The purpose of this study is to inform members of the Customer Energy Solutions Interest Group (CESIG) about the need and opportunities for learning thermostats pilot projects, which might then lead to full-scale demand-side management (DSM) programs. The investigator and a group of four project monitors—four utilities and DSM program administrators—worked conjointly on conducting the study from January to July 2014. The study focuses on the provinces in which the project monitors operate, namely Ontario, British Columbia and Saskatchewan.
During project inception, the research team identified commercially available climate control solutions that share traits with smart thermostats and prioritized three leading learning/self-programmable thermostats. The research included interviews with utilities administering smart or learning thermostat DSM programs, as well as interviews with key market actors. This included interviews with manufacturers, experienced installation contractors, retailers, and a residential end-use behaviour expert. The study also included a review of secondary literature concerning smart/learning thermostats and traditional models. The research focuses on the following five areas: technology characterization, market characterization, a savings assessment, a jurisdictional scan of example DSM programs, and a barrier analysis.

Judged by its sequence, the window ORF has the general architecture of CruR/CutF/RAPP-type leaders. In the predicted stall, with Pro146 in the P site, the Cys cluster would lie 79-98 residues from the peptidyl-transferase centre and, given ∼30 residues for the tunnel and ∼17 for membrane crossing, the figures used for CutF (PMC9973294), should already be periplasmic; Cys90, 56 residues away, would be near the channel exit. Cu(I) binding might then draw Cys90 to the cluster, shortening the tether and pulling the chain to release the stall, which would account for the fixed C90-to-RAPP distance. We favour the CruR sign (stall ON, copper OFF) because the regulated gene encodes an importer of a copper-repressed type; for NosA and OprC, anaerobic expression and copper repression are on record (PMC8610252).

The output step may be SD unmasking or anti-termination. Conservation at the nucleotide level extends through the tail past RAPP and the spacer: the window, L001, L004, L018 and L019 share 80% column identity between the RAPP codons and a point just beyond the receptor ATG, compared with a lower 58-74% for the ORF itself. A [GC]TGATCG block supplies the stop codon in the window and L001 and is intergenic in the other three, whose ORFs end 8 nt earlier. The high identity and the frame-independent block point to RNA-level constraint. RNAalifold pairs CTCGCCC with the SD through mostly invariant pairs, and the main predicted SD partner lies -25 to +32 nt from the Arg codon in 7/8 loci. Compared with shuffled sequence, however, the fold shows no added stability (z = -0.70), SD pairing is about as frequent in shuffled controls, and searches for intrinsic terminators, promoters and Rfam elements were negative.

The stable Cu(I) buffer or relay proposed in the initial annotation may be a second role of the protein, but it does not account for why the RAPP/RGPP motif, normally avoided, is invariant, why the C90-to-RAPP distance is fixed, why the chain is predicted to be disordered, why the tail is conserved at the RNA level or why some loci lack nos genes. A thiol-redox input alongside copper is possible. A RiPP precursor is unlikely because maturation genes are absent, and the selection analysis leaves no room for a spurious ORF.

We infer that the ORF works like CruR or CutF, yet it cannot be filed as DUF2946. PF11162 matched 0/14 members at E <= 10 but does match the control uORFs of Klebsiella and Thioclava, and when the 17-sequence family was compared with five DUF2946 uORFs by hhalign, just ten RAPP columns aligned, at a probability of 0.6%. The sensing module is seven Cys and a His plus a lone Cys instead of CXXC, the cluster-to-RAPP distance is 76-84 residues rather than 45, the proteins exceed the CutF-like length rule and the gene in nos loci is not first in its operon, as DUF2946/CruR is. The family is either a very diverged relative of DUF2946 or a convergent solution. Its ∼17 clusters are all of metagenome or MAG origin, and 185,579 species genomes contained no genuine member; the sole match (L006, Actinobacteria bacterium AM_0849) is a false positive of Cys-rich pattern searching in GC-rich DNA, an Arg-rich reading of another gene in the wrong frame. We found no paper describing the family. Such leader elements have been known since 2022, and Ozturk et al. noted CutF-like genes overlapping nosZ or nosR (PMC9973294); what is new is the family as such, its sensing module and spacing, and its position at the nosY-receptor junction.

Keywords: Smart Thermostat, Learning Thermostat, Programmable Thermostat, Residential, Energy Conservation, Demand Side Management, Demand Response, Utilities, Home Energy Management, Internet of Things